Chapter 1

10 Questions | Total Attempts: 126

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Anthropology Quizzes & Trivia

Introduction to Anthropology


Questions and Answers
  • 1. 
    What does anthropology reveal about assumptions such as "people are pretty much the same all over the world"?
    • A. 

      That these assumptions only hold true for societies living in industrialized countries

    • B. 

      That these assumptions are falsely based on genetic research

    • C. 

      That years of comparative, cross-cultural research prove that these assumptions are wrong

    • D. 

      That these assumptions are true only for biology, but not for culture

    • E. 

      That these assumptions are true only for biology, but not for culture

  • 2. 
    What is anthropology?
    • A. 

      The exploration of human cultural diversity

    • B. 

      The exploration of human biological diversity

    • C. 

      The humanistic study of human diversity

    • D. 

      The exploration of human diversity in time and space

    • E. 

      The comparative study of nations

  • 3. 
    What are cultures?
    • A. 

      Rules that dictate what is sacred and what is profane

    • B. 

      Traditions that distinguish urban and nonurban communities

    • C. 

      Traditions and customs, transmitted through learning, that form and guide the beliefs and behavior of the people that are exposed to them

    • D. 

      What people have when they do not have education

    • E. 

      Processes by which organisms cope with environmental forces and stresses

  • 4. 
    In the Andes of South America, people wake up in villages 16,000 feet above sea level and then trek 15,000 feet higher to work in tin mines. Tribes in the Australian desert worship animals and discuss philosophy. People survive malaria in the Tropics. What do these examples illustrate?
    • A. 

      That the environment is the most important factor that explains human diversity

    • B. 

      That some cultures are tougher than others

    • C. 

      That biology is the most important factor that explains human diversity

    • D. 

      Anthropology's deep interest in the diversity that comes through both biological and cultural human adaptability

    • E. 

      Anthropology's deep interest in diversity that results from different altitudes and latitudes

  • 5. 
    As human history has unfolded, the social and cultural means of adaptation have
    • A. 

      Become less important since genetics determines everything.

    • B. 

      Decreased, making anthropology less relevant to studying contemporary societies.

    • C. 

      Become increasingly outdated.

    • D. 

      Become increasingly important.

    • E. 

      Increased in some areas, and not in others, making anthropology more relevant in some societies.

  • 6. 
    Which of the following is not one of the subdisciplines of anthropology?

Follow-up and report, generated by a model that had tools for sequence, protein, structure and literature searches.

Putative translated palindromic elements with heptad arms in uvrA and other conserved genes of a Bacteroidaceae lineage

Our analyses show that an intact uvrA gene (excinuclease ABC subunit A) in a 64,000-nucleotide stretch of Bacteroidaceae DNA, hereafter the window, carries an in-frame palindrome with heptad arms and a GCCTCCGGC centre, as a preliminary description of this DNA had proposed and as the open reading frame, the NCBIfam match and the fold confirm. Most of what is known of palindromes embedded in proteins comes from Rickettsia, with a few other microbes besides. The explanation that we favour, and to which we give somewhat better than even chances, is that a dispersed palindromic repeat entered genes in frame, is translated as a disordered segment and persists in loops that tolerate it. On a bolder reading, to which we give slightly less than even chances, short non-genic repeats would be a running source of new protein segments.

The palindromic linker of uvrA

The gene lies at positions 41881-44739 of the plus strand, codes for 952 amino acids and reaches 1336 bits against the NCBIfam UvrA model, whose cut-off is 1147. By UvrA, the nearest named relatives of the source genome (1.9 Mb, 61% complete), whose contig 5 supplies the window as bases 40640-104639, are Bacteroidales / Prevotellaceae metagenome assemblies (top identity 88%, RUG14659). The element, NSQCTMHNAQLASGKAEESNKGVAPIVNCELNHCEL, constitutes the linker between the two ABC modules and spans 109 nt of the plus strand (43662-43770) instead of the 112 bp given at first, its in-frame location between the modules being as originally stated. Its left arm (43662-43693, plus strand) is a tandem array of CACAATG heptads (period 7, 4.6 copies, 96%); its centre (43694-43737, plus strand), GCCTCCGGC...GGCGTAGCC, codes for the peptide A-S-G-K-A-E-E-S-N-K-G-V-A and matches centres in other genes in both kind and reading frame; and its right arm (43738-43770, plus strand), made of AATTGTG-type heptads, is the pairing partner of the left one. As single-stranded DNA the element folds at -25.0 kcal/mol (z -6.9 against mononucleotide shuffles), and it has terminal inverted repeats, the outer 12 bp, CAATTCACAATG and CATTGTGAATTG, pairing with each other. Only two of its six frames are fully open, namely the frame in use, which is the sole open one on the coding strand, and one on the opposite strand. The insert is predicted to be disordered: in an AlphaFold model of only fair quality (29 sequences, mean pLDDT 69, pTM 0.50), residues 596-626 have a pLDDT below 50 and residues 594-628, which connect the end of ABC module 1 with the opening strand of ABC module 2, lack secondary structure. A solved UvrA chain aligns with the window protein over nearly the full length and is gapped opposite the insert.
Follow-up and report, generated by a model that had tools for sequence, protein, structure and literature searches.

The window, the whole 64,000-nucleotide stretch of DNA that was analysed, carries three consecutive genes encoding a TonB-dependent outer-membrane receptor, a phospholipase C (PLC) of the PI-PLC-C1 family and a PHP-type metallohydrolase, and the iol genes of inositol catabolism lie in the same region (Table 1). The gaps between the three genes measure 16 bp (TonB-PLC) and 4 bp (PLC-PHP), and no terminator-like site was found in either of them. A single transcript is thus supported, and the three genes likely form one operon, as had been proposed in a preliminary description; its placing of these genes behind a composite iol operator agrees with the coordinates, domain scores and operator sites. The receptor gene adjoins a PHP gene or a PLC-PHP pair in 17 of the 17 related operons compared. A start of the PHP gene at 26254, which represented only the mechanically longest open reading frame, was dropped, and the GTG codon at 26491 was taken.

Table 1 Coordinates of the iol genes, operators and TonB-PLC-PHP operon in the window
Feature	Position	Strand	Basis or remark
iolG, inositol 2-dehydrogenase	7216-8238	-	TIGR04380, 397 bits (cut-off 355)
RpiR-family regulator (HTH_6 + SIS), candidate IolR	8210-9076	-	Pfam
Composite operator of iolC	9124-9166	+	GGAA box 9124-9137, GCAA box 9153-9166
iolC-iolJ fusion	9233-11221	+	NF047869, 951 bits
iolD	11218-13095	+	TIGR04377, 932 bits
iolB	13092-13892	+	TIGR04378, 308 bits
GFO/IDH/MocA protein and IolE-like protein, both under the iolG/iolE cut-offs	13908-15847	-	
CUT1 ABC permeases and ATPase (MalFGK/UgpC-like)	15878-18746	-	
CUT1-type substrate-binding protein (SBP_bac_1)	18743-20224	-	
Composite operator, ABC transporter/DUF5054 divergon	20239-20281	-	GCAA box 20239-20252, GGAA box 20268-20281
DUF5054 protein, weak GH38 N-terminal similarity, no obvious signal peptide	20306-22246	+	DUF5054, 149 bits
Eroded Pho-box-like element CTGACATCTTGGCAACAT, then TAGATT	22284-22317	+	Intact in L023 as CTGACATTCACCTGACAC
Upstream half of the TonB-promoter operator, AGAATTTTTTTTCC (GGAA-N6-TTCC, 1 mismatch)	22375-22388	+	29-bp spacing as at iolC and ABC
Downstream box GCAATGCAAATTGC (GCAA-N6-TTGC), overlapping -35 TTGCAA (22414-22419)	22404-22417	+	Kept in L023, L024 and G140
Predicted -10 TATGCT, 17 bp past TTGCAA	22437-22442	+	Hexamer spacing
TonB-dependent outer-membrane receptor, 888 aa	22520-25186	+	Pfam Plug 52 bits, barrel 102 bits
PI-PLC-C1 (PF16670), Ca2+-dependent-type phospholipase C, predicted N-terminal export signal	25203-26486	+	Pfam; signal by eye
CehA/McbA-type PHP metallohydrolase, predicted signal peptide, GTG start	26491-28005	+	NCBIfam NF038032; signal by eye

• A. 

      Cultural anthropology

    • B. 

      Biological anthropology

    • C. 

      Developmental anthropology

    • D. 

      Linguistic anthropology

    • E. 

      Archaeological anthropology

  • 7. 
    How have scientists historically approached the study of human biological diversity? Which is the current, more scientifically valid approach?
    • A. 

      Racial classification and the explanatory approach, the current, more scientifically valid approach

    • B. 

      Racial classification, based either on genetics or phenotype (both are equally scientifically valid).

    • C. 

      The holistic classificatory approach, based on both genetics and phenotype, and the racial classificatory approach (finally possible given sophisticated technology)

    • D. 

      The explanatory and the prescriptive approaches (the latter is the more scientifically valid)

    • E. 

      The "great races" and the "lower races" approaches (both are equally scientifically valid)

  • 8. 
    One of the many problems with using phenotype to classify human races is that phenotypical similarities and differences
    • A. 

      Always have a genetic basis.

    • B. 

      Only matter if they are visible.

    • C. 

      Have nothing to do with natural selection.

    • D. 

      Don't necessarily have a genetic basis.

    • E. 

      Can only be accurately studied using genetics.

  • 9. 
    Which of the following is the most likely reason for the dark skin color shared by tropical Africans and southern Indians?
    • A. 

      Dietary adaptation

    • B. 

      Malarial resistance

    • C. 

      Reducing the frequency of rickets

    • D. 

      Common ancestry

    • E. 

      Prevention of hypervitaminosis D

  • 10. 
    Recent research suggests that another key factor explaining the geographic distribution of skin color involves the effects of UV on folate,
    • A. 

      An essential nutrient that the human body manufactures from folic acid and that plays a key role in preventing neural tube defects.

    • B. 

      An essential nutrient that promotes healthy spermatogenesis and that requires UV for its proper production and absorption in the body.

    • C. 

      An essential nutrient that helps prevent rickets

    • D. 

      An essential nutrient that, if produced in excess, causes neural tube defects in human embryos

    • E. 

      An essential nutrient that promotes the production of melanin.